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Puck Magazine

DROP THE PUCK: Uncovering the United State's First Successful Political Satire Magazine

"Puck became the nation's premier journal of graphic humor and political satire, played an important role as a non-partisan crusader for good government and the triumph of American constitutional ideals."

Puck was the first successful humor magazine in the United States of colorful cartoons, caricatures and political satire of the issues of the day. It was published from 1871 until 1918. A collection of Puck cartoons dating from 1879 to 1903 is maintained by the Special Collections Research Center of The George Washington University.

The weekly magazine was founded by Joseph Ferdinand Keppler in St. Louis. It began publishing English and German language editions in March 1871. Five years later, the German edition of Puck moved to New York City, where the first magazine was published on September 27, 1876. The English language edition soon followed on March 14, 1877.

The English language magazine continued in operation for more than 40 years under several owners and editors, until it was bought by the William Randolph Hearst company in 1916. The publication lasted two more years; the final edition was distributed September 5, 1918. A typical 32-page issue contained a full-color political cartoon on the front cover and a color non-political cartoon or comic strip on the back cover. There was always a double-page color centerfold, usually on a political topic. There were numerous black-and-white cartoons used to illustrate humorous anecdotes. A page of editorials commented on the issues of the day, and the last few pages were devoted to advertisements.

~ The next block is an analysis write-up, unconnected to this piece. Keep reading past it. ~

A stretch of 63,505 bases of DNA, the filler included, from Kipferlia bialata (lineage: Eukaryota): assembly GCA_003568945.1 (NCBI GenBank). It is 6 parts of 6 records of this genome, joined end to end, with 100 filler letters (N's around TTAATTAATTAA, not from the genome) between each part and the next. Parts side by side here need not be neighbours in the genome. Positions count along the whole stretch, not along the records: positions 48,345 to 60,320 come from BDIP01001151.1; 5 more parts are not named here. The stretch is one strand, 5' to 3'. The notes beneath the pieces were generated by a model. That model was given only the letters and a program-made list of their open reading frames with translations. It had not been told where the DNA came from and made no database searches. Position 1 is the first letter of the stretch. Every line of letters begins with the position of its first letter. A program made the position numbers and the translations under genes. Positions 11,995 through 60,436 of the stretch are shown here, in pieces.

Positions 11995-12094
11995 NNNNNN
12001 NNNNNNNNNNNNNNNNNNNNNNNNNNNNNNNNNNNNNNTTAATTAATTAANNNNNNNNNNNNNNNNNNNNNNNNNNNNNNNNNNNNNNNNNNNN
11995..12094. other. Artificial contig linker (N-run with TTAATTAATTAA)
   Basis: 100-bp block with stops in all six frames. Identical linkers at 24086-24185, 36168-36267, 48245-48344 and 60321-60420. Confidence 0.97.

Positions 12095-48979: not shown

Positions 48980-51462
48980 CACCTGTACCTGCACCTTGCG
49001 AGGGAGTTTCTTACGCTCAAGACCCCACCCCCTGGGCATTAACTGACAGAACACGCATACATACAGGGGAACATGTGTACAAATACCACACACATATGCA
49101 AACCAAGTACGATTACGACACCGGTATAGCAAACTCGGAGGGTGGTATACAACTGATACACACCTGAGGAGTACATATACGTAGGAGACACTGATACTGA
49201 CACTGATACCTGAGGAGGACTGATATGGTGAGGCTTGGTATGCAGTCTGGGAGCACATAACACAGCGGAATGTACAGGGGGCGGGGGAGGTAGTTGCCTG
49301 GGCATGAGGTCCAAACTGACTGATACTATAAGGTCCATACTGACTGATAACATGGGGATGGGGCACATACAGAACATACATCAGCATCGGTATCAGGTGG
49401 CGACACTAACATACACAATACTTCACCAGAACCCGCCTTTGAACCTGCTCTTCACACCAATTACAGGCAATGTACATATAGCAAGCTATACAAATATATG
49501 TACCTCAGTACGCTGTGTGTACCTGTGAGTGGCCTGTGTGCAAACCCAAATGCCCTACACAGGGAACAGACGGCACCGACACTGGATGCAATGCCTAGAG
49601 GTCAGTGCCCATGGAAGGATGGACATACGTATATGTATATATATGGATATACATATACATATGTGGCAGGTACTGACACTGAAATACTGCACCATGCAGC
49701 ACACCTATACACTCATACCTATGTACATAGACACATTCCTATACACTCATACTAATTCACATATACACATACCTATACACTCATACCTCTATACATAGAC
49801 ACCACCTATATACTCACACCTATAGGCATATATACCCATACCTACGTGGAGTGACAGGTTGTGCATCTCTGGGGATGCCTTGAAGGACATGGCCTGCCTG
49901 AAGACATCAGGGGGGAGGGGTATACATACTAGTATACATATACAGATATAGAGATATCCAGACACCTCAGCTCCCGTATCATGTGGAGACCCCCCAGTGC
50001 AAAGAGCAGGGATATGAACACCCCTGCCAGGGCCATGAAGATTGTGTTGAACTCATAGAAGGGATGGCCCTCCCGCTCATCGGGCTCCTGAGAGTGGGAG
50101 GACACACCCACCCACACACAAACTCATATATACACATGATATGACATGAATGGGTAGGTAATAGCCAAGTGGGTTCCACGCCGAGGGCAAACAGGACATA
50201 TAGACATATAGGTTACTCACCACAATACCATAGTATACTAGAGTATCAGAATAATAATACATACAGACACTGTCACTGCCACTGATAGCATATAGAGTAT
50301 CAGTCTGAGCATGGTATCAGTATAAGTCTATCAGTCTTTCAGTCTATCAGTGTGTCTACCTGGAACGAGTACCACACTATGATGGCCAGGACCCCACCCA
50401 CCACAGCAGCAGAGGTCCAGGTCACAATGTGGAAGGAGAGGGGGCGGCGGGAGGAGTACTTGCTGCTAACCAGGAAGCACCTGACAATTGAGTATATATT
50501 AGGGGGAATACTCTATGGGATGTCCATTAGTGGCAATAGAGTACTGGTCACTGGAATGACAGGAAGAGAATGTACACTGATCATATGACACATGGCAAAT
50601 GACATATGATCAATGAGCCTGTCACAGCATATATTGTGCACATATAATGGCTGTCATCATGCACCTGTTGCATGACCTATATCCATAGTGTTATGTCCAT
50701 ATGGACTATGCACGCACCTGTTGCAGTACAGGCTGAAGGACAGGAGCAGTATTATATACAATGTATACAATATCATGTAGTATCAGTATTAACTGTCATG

"Puckish" means "childishly mischievous." This led Shakespeare's Puck character (from A Midsummer Night's Dream) to be recast as a charming near-naked boy and used as the title of the magazine. Puck was the first magazine to carry illustrated advertising and the first to successfully adopt full-color lithography printing for a weekly publication. The magazine consisted of 16 pages measuring 10 inches by 13.5 inches with front and back covers in color and a color double-page centerfold. The cover always quoted Puck saying, "What fools these mortals be!" The jaunty symbol of Puck is conceived as a putto in a top hat who admires himself in a hand-mirror. He appears not only on the magazine covers but over the entrance to the Puck Building in New York's Nolita neighborhood, where the magazine was published, as well.

Over the years, Puck employed many early cartoonists of note, including: Louis Dalrymple, Bernhard Gillam, Livingston Hopkins, Frederick Burr Opper, Louis Glackens, Albert Levering, Frank Nankivell, J.S. Pughe, Rose O'Neill, Charles Taylor, James Albert Wales and Eugene Zimmerman.

About Our Collection:

Offering a huge archive of original clipped front covers and full color centerfold spreads from the American editions of Puck magazine, originating in New York City, 1877. Notable illustrators include: Louis Dalrymple, Bernhard Gillam, Livingston Hopkins, Frederick Burr Opper, Louis Glackens, Albert Levering, Frank Nankivell, J.S. Pughe, Rose O'Neill, Charles Taylor, James Albert Wales and Eugene Zimmerman. 

Provenance: From the American Heritage Publishing Archives.

Please note, these are front covers and centerfolds that have been clipped from the original magazines; they are not complete issues. 

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